On the heels of a new Justice Department plan to interview thousands of men from Middle Eastern countries, the American Civil Liberties Union today released a pamphlet that offers guidance in seven languages -- including Arabic, Hindi and Spanish -- on what to do when stopped by law enforcement.
The pamphlet -- "Know Your Rights: What to Do If You're Stopped by the Police, the FBI, the INS or the Customs Service" -- contains information for citizens and non-citizens alike and is intended for those who feel at risk of becoming innocent targets of a government investigation in the wake of the September 11 terrorist attacks.
"The ACLU created the Know Your Rights pamphlets because we are concerned that many people, especially non-citizens, are not fully aware of their rights when being questioned or detained by the government," said Anthony D. Romero, Executive Director of the ACLU.
"That concern has been heightened by the government's latest dragnet approach to its investigation and by the Attorney General's apparent unwillingness to respect the checks and balances that are so central to our democracy," he added.
"None of the advice in the pamphlet is meant to stop people from cooperating with proper law enforcement investigations," Romero said, noting that the pamphlet advises those who are being questioned by authorities to be careful but truthful in their answers.
The ACLU has criticized a Justice Department "dragnet" plan to pick up and interview at least 5,000 foreigners -- all men ages 18 to 33, from mostly Middle Eastern countries -- who entered the United States on non-immigrant visas from January 1, 2000 to the present.
The ACLU has also been troubled by reports that some people under investigation have been detained and impeded in their ability to contact lawyers and their families. On October 29, the ACLU joined with a coalition of civil liberties, human rights and electronic privacy organizations in filing a Freedom of Information Act request for information about the individuals arrested or detained since September 11.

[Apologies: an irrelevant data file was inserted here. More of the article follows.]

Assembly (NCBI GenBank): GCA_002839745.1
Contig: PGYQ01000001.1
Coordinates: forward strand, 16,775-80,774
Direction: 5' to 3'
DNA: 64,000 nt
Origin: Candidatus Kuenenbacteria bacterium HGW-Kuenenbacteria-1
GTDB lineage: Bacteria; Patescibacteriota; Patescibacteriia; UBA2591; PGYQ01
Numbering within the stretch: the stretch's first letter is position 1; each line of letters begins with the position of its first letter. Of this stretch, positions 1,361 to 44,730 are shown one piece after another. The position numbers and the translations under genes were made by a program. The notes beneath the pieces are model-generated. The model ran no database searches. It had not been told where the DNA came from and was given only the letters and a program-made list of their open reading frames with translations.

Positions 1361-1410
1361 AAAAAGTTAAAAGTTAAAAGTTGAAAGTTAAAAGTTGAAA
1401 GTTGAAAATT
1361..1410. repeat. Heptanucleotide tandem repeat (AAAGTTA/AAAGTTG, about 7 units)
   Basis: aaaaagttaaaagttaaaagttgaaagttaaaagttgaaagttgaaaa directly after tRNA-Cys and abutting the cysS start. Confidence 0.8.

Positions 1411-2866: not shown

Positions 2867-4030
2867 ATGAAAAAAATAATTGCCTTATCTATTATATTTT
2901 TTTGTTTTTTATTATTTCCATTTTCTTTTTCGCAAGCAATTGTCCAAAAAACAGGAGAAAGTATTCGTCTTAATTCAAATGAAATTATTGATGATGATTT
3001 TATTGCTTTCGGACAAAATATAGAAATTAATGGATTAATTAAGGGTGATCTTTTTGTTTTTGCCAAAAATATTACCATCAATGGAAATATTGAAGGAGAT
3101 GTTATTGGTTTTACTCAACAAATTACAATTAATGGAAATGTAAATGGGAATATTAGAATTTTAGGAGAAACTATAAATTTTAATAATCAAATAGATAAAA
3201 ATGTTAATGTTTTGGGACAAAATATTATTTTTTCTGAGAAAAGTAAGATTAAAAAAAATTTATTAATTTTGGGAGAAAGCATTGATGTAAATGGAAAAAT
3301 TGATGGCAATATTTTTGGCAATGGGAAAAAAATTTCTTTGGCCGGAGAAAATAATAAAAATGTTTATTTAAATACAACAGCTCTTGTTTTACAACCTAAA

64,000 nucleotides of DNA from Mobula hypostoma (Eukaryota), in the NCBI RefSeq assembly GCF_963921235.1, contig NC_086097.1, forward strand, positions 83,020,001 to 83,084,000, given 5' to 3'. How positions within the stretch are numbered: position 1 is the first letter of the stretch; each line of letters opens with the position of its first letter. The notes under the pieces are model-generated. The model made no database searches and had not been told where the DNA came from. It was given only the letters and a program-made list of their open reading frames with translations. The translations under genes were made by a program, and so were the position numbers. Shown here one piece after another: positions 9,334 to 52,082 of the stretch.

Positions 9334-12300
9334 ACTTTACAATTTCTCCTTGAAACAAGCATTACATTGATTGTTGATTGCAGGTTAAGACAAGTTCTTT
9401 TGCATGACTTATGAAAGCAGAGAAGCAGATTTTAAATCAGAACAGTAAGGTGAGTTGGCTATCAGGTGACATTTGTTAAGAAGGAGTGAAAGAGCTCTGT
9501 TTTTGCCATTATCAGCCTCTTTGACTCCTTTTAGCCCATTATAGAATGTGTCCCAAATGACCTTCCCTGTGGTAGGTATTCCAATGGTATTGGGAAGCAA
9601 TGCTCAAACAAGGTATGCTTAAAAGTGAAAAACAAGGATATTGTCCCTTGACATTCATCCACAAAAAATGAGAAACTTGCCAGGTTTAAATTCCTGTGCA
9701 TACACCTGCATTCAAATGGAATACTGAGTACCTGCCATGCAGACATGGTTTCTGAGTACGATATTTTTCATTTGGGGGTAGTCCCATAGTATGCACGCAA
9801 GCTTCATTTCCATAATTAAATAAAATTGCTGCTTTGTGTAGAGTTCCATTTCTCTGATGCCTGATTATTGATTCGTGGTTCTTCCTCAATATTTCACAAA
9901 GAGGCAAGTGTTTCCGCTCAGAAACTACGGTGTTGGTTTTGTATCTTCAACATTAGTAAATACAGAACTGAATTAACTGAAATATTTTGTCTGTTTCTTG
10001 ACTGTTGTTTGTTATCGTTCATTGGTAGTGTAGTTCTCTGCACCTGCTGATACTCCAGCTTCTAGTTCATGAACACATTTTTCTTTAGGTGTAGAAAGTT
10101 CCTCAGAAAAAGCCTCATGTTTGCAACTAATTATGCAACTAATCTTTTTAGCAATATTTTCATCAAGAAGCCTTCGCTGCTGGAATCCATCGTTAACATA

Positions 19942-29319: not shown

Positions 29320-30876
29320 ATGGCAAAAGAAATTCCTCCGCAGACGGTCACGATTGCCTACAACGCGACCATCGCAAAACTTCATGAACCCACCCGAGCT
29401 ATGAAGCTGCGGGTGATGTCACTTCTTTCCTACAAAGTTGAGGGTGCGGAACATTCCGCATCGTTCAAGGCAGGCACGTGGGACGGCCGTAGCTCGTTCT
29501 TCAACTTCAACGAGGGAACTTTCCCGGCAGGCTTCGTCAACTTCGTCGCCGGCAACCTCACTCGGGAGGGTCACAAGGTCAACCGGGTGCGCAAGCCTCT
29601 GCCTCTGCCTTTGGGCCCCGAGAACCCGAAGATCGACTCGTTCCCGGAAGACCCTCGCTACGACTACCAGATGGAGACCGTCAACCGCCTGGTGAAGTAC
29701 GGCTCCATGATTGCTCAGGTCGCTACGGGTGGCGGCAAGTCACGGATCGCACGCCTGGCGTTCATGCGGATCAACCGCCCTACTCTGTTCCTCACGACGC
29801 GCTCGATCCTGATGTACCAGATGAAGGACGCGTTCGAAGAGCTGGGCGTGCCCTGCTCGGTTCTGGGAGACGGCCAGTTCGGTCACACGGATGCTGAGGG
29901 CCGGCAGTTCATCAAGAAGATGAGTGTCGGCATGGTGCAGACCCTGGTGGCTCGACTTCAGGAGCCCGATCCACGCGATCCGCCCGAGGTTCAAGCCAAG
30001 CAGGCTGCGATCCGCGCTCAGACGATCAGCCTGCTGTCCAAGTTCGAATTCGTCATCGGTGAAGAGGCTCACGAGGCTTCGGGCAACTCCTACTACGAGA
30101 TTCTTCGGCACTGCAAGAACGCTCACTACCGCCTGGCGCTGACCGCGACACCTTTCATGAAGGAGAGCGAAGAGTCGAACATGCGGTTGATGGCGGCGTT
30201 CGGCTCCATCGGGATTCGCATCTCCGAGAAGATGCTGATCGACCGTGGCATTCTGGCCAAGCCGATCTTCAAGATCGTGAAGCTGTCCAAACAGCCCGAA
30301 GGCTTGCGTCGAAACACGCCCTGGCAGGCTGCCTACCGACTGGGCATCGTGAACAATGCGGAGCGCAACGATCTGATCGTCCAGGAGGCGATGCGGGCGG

To date, the FBI has denied the groups' request, while requests to the Justice Department and the Immigration and Naturalization Services have so far gone unanswered. An appeal to the FBI denial was filed on November 9, which is required before going to court.
The ACLU is offering the pamphlets at no cost to ethnic organizations and community groups, in addition to distributing them through its 53 affiliates around the country.
The pamphlet is currently available in English, Spanish and Arabic and will soon be published in Farsi, Urdu, Punjabi and Hindi. It is written in a straightforward style and offers pragmatic advice in a question-and-answer format.
Readers will find answers to the questions: "What Constitutional Rights Do I Have?" "What If the Police or FBI Contact Me?" "What If I Am Not a Citizen and the INS Contacts Me"? and "What Are My Rights At Airports?"
The pamphlets are available in pdf format on the ACLU's website.
The English pamphlet is at http://www.aclu.org/library/know_your_rights.pdf
The Arabic pamphlet is at http://www.aclu.org/library/know_your_rights_ar.pdf
The Spanish pamphlet is at http://www.aclu.org/library/know_your_rights_sp.pdf